The planet is turning green. The colour “green” represents environmental awareness, the force behind cutting-edge technology, and the catchphrase of the socially conscious. Pest control is only one of many new goods that the environment and man’s impact on it are driving to market. Particularly in the commercial sector, environmentally friendly pest control services are becoming more and more popular. Even environmentally conscious home consumers are looking for natural alternatives to conventional pesticides, but their enthusiasm is frequently dampened by the 10% to 20% price difference and extended treatment schedules, which can last for several weeks. For more information about ant control, visit our website today.
IPM strategies appear to be becoming more popular in the pest management sector as a result of rising environmental awareness in America and more strict government rules governing traditional chemical pesticides. IPM is seen as safer for people, pets, and secondary scavengers like owls in addition to the environment. Two-thirds of the 378 pest management firms questioned by Pest Control Technology magazine in 2008 claimed to provide some kind of IPM services.
IPM focuses on eco-friendly preventative tactics intended to keep pests out rather than dousing pest areas with a lethal combination of potent insecticides designed to kill. Elimination and control efforts concentrate on locating and getting rid of the sources of infestation: entry sites, attractants, harborage, and food. Low- or no-toxicity solutions can also be used to get pests to leave.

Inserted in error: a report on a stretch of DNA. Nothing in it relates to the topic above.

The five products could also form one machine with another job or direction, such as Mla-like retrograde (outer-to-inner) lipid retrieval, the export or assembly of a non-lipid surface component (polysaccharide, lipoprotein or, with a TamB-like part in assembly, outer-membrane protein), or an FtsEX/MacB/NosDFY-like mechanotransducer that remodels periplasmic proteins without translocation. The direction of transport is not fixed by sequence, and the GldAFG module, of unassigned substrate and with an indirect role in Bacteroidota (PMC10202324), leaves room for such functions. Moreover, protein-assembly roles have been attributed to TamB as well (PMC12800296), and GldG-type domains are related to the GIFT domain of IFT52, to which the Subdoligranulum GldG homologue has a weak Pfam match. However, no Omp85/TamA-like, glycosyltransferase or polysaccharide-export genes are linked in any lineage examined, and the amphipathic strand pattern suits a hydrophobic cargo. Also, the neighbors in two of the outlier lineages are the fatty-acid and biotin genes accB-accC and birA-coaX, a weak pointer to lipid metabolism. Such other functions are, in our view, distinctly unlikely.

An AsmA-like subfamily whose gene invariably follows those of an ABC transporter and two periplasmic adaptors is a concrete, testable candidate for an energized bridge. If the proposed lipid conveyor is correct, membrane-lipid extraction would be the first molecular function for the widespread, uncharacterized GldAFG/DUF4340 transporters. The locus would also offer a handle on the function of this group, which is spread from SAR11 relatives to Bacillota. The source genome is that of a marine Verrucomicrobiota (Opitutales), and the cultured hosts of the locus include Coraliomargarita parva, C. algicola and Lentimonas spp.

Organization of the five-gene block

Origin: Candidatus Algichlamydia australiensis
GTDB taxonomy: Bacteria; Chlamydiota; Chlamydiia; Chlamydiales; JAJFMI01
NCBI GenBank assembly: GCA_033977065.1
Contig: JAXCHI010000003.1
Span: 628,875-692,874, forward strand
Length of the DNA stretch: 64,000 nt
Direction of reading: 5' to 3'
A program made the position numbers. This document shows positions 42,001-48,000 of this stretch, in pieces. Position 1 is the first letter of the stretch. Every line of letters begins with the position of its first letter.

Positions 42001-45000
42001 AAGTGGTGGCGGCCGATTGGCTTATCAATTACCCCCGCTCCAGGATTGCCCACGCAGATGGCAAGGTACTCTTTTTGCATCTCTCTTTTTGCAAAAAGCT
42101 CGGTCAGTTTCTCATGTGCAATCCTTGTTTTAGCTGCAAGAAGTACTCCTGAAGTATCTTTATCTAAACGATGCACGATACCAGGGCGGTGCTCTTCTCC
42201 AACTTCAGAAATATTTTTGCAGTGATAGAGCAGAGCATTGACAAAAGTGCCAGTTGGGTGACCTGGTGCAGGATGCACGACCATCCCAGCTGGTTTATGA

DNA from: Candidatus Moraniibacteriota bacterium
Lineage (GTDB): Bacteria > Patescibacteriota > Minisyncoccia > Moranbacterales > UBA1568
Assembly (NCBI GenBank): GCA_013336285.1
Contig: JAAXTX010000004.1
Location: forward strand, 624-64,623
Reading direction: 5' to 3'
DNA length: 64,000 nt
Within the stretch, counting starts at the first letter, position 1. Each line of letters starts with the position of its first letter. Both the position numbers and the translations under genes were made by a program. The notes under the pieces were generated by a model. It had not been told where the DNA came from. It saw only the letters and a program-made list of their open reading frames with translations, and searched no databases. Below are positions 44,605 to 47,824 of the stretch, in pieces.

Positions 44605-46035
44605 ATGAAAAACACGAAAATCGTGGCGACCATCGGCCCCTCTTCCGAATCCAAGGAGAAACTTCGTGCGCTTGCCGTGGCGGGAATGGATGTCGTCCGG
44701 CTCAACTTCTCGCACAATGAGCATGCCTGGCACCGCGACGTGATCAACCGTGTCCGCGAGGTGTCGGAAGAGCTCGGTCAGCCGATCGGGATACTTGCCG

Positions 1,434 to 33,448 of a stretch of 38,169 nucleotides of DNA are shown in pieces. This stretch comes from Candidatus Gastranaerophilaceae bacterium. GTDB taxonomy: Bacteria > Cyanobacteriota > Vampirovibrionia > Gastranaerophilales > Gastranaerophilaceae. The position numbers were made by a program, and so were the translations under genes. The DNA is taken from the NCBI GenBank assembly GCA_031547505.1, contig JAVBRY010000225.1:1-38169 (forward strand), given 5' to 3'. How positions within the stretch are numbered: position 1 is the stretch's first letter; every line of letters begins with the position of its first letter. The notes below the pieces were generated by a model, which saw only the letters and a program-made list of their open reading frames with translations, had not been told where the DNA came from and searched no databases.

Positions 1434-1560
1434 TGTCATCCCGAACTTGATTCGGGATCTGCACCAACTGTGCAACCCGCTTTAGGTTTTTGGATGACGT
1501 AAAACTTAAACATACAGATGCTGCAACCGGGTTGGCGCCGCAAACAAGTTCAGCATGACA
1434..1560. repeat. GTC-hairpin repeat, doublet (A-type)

IPM is attracting the interest of hotels, office buildings, apartment complexes, other commercial enterprises, as well as eco-conscious residential customers. It is especially well-liked by schools and nursing homes tasked with protecting the health of the nation’s youngest and oldest citizens, who are most at risk from hazardous chemicals. Interest in IPM is bringing a slew of new ecologically friendly pest management technologies to market, both high-tech and low-tech, driven equally by environmental concerns and health danger fears.
Tom Green, head of the Integrated Pest Management Institute of North America, a non-profit organisation that certifies green exterminating businesses, remarked, “Probably the greatest product out there is a door sweep. Green noted in an Associated Press interview published online by MSNBC in April: “A pencil-sized hole can be squeezed through by a mouse. Therefore, if your door has a quarter-inch gap underneath it, a mouse will assume there isn’t even a door there.” Cockroaches can squeeze through a gap of just 1/8 inch.
According to Cindy Mannes, a spokeswoman for the National Pest Management Association, the $6.3 billion trade association for the pest management business, IPM is “a superior approach to pest control for the health of the home, the environment, and the family.” Mannes warned that there is little industry agreement on what constitutes “green services” because IPM is a relatively new tool in the pest management arsenal.